May 4, 2023
By Anand Ramanathan - Chief Product Officer, Skyhigh Security
World Password Day is meant to remind us about best cyber hygiene practices, encourage us to take a more proactive approach to improving our passwords, and promote a culture in security for us all.
However, it now also serves as an additional reminder: the era of passwords keeping threat actors at bay has come to an end, and organizations are pivoting to advanced security measures to keep up with the increasingly sophisticated attackers ever-looming on the web. The fact is that data is everywhere — the cloud, web, email, and private apps — and so it needs to be protected everywhere. Usernames and passwords alone no longer make the cut.
According to our recent global research survey, The Data Dilemma: Cloud Adoption and Risk Report, 26% of network passwords are stored in public cloud services. Why is this a problem? Well, the report also found that 75% of organizations have experienced a cybersecurity breach, threat, and/or theft of data. This is a reminder that organizations must improve their data security and adopt more secure processes.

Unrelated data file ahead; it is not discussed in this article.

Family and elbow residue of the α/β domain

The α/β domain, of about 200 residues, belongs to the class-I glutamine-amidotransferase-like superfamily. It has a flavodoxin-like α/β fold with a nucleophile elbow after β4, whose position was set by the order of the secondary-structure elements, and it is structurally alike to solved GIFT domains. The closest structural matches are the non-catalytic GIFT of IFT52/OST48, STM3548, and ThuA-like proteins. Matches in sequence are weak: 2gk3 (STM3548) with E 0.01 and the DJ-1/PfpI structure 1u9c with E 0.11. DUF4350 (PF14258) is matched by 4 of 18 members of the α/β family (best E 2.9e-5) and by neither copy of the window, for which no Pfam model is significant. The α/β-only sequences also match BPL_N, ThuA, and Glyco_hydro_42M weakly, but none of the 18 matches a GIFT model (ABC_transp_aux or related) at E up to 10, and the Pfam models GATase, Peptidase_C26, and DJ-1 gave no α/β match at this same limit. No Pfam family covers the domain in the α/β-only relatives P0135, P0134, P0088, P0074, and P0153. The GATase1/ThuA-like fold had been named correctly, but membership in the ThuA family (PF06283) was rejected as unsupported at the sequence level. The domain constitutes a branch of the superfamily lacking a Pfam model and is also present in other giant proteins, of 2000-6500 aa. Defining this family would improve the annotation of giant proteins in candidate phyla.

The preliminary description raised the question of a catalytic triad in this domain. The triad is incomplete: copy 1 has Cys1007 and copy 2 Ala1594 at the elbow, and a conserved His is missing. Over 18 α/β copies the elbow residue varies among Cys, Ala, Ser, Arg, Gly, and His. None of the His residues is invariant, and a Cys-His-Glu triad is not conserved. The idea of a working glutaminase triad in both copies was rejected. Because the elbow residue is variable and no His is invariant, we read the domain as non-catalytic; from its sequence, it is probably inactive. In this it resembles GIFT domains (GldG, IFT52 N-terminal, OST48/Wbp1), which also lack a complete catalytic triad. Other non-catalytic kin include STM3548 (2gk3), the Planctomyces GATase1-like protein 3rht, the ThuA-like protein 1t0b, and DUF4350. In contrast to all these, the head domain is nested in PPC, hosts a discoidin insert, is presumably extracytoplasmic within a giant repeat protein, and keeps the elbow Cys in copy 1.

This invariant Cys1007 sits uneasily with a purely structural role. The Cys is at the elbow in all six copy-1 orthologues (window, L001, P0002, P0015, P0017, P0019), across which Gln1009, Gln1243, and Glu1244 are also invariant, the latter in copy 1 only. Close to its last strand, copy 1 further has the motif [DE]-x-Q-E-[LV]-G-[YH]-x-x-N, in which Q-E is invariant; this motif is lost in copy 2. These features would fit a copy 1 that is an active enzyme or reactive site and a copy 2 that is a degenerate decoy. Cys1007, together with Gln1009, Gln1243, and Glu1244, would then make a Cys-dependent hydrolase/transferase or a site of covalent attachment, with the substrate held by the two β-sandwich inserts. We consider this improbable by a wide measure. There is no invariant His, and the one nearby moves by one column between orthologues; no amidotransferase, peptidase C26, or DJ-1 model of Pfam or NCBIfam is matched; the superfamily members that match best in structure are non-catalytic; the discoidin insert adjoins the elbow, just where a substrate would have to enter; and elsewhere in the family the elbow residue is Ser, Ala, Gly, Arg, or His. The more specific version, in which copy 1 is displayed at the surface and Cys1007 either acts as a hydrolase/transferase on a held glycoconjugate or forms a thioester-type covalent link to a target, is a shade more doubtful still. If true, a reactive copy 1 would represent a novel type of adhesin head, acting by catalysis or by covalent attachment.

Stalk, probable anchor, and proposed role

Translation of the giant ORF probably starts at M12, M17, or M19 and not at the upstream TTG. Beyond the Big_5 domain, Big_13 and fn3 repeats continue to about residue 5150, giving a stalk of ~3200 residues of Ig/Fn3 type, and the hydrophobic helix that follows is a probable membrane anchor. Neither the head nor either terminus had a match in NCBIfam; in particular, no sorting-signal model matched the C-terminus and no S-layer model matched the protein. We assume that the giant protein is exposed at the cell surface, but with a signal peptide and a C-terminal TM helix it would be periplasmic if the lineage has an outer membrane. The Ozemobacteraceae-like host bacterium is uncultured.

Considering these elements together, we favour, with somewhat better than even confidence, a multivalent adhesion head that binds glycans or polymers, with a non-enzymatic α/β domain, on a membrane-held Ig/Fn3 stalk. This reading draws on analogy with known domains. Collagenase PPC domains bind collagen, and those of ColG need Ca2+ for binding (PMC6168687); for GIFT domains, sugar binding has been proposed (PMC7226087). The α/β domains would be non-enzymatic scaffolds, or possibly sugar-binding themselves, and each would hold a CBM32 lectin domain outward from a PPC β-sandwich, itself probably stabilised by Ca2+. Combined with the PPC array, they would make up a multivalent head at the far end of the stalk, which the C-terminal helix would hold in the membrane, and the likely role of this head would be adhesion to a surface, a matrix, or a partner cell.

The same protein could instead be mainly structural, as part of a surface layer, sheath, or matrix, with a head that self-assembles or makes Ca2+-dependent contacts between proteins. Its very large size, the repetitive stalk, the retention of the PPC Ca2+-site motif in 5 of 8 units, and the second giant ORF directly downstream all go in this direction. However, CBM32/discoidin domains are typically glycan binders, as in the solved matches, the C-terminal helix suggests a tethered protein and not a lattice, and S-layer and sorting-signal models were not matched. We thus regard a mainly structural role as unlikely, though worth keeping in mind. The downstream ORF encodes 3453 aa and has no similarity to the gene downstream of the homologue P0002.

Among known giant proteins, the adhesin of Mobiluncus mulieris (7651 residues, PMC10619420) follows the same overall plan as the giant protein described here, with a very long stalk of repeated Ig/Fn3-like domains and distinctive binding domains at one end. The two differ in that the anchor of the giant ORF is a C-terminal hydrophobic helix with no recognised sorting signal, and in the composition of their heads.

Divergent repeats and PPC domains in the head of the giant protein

On World Password Day, we take the opportunity to shed light on a few steps organizations can take to combat today’s evolving threat landscape, as our daily use of passwords will likely not go away anytime soon. Multi-factor authentication is a tried-and-true solution that is easy to implement and adds a thick layer of defense when it comes to protecting data..
Better still, organizations that adopt Zero Trust principles are increasingly more protected against sophisticated threats. Just because a user has valid login keys does not automatically mean they are authorized and/or not a threat. Skyhigh Security’s Zero Trust Network Access (ZTNA) solution, for example, allows “least privilege” access to specific applications, so that the attack surface is reduced and lateral movement of cybercriminals from compromised accounts is prevented. That way, even if a password is stolen or an account is compromised, any potential damage is significantly limited.
However, these solutions do not allow us to be negligent after their implementation. In order to truly protect data from anywhere, any application, and any device, we must all remain vigilant in our efforts – even after World Password Day.
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